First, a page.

DANE COUNTY, Wis. (WFRV) – The Wisconsin Department of Health Services (DHS), Public Health Madison, and Dane County have confirmed the first human case of West Nile virus in a Wisconsin resident this year.

Cases of West Nile virus have also been reported in three horses in Wisconsin and several mosquito pools. The horse cases were located in Dunn and Clark County, while the positive mosquitoes were from Milwaukee and Lafayette County.

“This confirmed case in a Wisconsin resident is a reminder that even as summer winds down, we still need to take precautions to prevent mosquito bites. While West Nile virus and other viruses spread by mosquitoes pose a risk to all Wisconsinites, people who have weakened immune systems are at the greatest risk for serious illness,” said State Health Officer Paula Tran.

Since West Nile virus was first detected in Wisconsin in 2002, infections in humans have been reported from June through October.

Wisconsin reports an average of 17 human cases of West Nile virus every year. The risk of the infection continues all the way until the first hard frost of the year.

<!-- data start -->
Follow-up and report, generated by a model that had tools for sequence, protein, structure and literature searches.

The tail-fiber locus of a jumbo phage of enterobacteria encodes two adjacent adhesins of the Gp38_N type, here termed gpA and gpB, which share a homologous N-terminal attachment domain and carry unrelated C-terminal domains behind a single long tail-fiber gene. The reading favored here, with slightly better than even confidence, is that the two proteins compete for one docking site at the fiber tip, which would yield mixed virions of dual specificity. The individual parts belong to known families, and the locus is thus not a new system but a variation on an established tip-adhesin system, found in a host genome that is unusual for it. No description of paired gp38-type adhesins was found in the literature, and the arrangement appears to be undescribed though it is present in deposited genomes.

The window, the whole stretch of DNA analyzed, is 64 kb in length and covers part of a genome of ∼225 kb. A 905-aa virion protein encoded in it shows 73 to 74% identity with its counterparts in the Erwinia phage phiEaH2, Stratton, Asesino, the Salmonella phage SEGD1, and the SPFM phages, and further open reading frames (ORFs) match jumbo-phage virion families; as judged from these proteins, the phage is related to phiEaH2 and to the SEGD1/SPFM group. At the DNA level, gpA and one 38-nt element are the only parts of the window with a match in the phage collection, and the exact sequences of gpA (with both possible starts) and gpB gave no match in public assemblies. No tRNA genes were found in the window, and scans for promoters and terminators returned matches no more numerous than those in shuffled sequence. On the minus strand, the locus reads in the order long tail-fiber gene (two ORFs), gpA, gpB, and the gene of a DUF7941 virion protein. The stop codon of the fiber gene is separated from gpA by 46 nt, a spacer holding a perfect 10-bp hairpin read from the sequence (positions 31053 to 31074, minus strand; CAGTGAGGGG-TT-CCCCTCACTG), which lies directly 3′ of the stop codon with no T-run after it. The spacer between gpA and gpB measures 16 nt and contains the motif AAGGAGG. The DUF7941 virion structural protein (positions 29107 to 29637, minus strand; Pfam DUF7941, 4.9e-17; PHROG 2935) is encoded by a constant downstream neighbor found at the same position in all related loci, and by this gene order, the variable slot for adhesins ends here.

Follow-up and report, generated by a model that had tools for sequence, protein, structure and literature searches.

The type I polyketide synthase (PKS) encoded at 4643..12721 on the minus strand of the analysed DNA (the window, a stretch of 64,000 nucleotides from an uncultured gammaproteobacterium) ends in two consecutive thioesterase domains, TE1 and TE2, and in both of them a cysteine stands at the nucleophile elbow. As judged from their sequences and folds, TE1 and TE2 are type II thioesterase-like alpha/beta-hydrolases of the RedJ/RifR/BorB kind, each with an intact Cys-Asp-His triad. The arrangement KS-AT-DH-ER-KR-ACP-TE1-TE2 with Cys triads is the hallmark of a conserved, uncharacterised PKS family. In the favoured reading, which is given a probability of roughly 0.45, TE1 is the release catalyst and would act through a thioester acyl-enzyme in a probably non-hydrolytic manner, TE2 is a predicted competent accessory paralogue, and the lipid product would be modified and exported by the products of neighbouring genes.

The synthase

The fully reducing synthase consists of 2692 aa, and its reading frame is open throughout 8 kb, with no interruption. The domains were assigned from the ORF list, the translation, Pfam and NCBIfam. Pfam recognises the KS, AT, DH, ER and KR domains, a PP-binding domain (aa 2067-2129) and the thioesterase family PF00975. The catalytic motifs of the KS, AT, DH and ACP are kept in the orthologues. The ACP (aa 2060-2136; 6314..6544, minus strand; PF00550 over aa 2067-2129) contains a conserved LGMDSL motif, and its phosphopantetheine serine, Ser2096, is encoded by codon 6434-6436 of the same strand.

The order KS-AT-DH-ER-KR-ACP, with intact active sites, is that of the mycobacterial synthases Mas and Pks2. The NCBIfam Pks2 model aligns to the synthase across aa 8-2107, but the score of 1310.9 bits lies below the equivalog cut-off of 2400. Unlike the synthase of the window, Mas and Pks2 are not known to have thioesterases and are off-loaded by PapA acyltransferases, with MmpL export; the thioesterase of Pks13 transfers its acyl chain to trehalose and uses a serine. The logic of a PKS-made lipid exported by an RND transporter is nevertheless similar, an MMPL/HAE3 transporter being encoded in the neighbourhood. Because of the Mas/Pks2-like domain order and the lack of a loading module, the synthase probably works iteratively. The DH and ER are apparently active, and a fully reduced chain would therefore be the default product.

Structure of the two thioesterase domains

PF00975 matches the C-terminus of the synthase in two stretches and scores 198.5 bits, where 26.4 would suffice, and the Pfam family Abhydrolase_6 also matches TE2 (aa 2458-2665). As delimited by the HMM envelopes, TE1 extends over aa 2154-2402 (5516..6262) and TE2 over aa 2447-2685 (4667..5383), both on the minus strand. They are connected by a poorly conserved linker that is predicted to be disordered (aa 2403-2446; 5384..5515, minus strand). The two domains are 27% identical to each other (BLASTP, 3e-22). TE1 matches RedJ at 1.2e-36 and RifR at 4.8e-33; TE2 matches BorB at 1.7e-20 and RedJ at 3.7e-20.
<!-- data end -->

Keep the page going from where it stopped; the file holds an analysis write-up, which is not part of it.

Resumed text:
West Nile virus is spread to humans, horses, birds, and other animals through the bite of an infected mosquito. Mosquitoes acquire the West Nile virus by feeding on infected birds. The virus is not spread directly from person to person, animal to animal, or animal to person.

80% of people who are infected with West Nile virus do not get sick. Those who do become ill usually experience mild symptoms such as fever, headache, muscle ache, rash, and fatigue.

However, less than 1% of people who become infected with the virus get seriously ill with symptoms that include high fever, muscle weakness, stiff neck, disorientation, mental confusion, tremors, confusion, paralysis, and coma.

Older adults and those with compromised immune systems are at greater risk of developing severe illness that can be fatal. It is important that people contact a health care provider if they suspect they have West Nile virus illness.

The best way to avoid illnesses spread by mosquitoes is to reduce exposure to mosquitoes and eliminate mosquito breeding sites.